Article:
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Social, mobile, analytics, big data, cloud and interactive technology are changing the way business is conducted across all industries, including in investment banking. Up until now, investment banks have been uneven in their overall response to potential disruptions by these digital technologies. Many are still not leveraging the potential of digital technologies, leaving the door open to less entrenched players.
We’ve identified six key themes expected to be driving forces in the coming digital disruption of investment banks. Read this paper to find out what the themes are and the expected industry response for each.
Many investment banks are still not leveraging the potential of digital technologies—this is especially evident when you take a closer look at these banks’ internal processes and client interactions. One likely reason for hesitancy to adopt digital technologies is the aftermath of the financial crisis, including an intense focus on risk, regulation and costs over the past five years. This focus has resulted in the “crowding out” of investment banking technology innovations as IT budgets have been devoted to regulatory compliance work.
We have identified six key themes which we expect to be driving forces in the coming digital disruption of investment banks:
Clients will expect a unified customer experience across channels, even beyond the current single-dealer, full-service portals provided by investment banks.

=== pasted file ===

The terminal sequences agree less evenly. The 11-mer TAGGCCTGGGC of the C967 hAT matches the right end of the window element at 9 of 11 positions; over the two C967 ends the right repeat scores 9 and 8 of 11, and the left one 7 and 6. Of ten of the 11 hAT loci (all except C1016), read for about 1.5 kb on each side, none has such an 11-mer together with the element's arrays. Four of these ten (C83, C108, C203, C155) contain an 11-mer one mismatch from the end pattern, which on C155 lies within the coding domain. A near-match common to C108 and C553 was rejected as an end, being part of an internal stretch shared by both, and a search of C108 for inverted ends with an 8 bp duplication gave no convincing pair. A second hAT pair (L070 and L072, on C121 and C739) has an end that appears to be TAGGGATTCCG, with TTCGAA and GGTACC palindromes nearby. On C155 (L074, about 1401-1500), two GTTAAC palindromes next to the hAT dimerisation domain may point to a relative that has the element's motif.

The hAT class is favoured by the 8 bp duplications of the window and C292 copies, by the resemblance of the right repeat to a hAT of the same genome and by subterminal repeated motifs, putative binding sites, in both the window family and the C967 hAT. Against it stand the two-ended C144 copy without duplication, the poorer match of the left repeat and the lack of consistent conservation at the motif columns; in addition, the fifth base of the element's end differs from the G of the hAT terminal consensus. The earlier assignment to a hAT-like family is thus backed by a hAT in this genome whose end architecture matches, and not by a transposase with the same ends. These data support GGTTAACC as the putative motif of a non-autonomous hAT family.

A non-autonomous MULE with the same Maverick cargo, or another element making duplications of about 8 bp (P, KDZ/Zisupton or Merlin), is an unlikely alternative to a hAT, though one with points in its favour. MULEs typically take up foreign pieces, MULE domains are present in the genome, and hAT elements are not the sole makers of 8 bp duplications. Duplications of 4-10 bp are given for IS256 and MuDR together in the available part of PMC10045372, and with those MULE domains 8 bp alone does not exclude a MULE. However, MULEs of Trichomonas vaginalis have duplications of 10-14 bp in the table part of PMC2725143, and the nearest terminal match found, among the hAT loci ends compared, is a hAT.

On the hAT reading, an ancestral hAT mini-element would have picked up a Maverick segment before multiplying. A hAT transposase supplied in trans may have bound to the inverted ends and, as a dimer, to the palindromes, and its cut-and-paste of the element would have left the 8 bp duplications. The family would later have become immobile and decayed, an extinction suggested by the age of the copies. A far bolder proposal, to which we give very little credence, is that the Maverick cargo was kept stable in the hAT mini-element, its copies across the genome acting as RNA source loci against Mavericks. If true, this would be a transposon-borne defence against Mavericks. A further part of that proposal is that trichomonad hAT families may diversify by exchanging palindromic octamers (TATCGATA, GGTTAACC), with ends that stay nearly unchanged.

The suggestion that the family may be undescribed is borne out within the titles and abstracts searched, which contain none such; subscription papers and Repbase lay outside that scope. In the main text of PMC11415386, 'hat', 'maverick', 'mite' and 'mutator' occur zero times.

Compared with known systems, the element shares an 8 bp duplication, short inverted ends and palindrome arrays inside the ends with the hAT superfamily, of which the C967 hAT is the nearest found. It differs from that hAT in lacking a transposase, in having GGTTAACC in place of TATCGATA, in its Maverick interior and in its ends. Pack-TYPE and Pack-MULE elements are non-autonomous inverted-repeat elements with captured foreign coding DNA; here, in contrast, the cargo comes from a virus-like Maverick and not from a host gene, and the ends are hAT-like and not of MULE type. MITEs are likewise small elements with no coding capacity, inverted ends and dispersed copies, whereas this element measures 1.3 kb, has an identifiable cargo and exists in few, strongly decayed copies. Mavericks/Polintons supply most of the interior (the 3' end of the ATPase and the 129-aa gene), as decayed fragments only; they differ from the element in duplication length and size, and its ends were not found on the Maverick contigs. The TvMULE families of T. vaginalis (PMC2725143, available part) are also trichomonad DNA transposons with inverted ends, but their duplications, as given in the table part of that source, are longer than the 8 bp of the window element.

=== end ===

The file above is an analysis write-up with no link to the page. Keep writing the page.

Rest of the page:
Increases in data transparency to clients will reduce the need for intermediation, enable additional self-service and further squeeze pricing and profit margins.
Stakeholders will receive information far more quickly, to the point where it supports real-time management decision making and compliance monitoring.
Increased demand for on-the-go services will drive a departure from the traditional “within the walls” environment of the investment bank.
The trade lifecycle will be split among the best-in-class providers, helping to control costs, but also sharing the trading revenue pools more broadly.
Increasing portions of the traditional investment banking business model will be threatened by smaller, niche players.
Once investment banks familiarize themselves with the six digital disruption driving forces, they should consider responding as follows:
Theme 1: Clients will expect a unified customer experience.
Savvy investment banks must think about their current institutional client portals, but also develop strategies for the longer term that include multi-bank portals.
Theme 2: Increases in data transparency to clients.
Investment banks will need to dramatically cut the costs associated with intermediation, and “digitize” their businesses to handle higher volumes and greater frequency of transactions.
Theme 3: Stakeholders will receive information far more quickly.
Successful banks will need to redesign their data “supply lines” and processing schedules, and start thinking in terms of real-time dashboards.
Theme 4: On-the-go services will drive a departure from the traditional investment bank.
Investment banks that leverage mobile technologies need to be testing them, developing “proofs of concept” and implementing the necessary supporting infrastructure, processes and rules.
Theme 5: The trade lifecycle will be split among the best-in-class providers.
Investment banks should evaluate each piece of their trading lifecycle and consider how to provide it to clients most cost effectively and with the highest efficiency, functionality and value added.
Theme 6: Smaller, niche players will threaten traditional investment banking models.
Investment banks will need to ensure that their intermediation provide sufficient value to their clients.
June 19, 2014
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